Review: Dungeons of Dread

by Ramanan Sivaranjan on March 21, 2013

Tagged: tsr wotc garygygax lawrenceschick ad&d

Dungeons of Dread

I picked up a copy of the new limited edition S-series adventure compilation Dungeons of Dread. It’s a nice hardback book that collects 4 modules released by TSR that were meant to separate the wheat from the chaff when it came to D&D players. Those modules are: Tomb of Horrors, White Plume Mountain, Expedition to the Barrier Peaks, and The Lost Caverns of Tsojcanth.

This new edition begins with an introduction by Lawrence Schick, author of White Plume Mountain. He briefly explains the history of the series and of each module. Following this is a short table of contents and then each of the modules presented exactly as they appeared however many years ago. If you’ve seen the AD&D reprints the quality is much the same: that is to say quite good. Like the AD&D reprints the illustrations in Dungeons of Dread seem a bit higher contrast than the originals. The art work is reproduced reasonably well, but I suspect some detail has been lost in scanning the originals for their inclusion here.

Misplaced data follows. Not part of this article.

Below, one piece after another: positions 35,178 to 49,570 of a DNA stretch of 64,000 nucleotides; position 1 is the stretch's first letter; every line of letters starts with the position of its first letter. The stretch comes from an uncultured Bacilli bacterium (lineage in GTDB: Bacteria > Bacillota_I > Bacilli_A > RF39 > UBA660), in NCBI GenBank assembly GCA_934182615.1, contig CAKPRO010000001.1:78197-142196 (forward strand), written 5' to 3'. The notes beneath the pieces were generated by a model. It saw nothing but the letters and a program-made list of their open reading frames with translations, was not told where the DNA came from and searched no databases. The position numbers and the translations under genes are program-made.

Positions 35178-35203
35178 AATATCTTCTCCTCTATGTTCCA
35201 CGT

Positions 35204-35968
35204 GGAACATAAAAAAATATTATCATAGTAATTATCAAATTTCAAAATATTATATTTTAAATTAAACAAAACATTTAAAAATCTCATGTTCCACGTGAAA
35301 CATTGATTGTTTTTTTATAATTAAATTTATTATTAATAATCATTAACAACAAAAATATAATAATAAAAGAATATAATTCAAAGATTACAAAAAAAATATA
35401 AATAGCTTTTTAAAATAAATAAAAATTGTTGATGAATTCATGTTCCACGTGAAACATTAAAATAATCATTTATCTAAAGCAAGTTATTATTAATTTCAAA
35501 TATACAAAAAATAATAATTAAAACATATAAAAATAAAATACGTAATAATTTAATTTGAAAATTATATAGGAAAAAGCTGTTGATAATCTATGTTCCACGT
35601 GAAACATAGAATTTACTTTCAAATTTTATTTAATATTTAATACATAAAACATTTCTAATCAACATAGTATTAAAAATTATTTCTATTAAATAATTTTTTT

Unlike the AD&D reprints Dungeons of Dread is much more of a collectible than a gaming aid. Presenting the 4 modules together like this is nice if you just want to read them, but to use them in the game would probably be unwieldily. The illustration booklets you’re supposed to show your players are bound in the book, as are the maps for each adventure. That’s not to say you couldn’t use this book at your table, but it’s a step back in usability compared to the original TSR modules. Really, something like this would have been better presented in a box set, but no one makes box sets anymore.

If you’re a fan of the old modules this collection is well worth a look. As I don’t own the originals, the choice was simple. I picked up my copy for $30 on Amazon, which is less than i’d pay for each module used on eBay.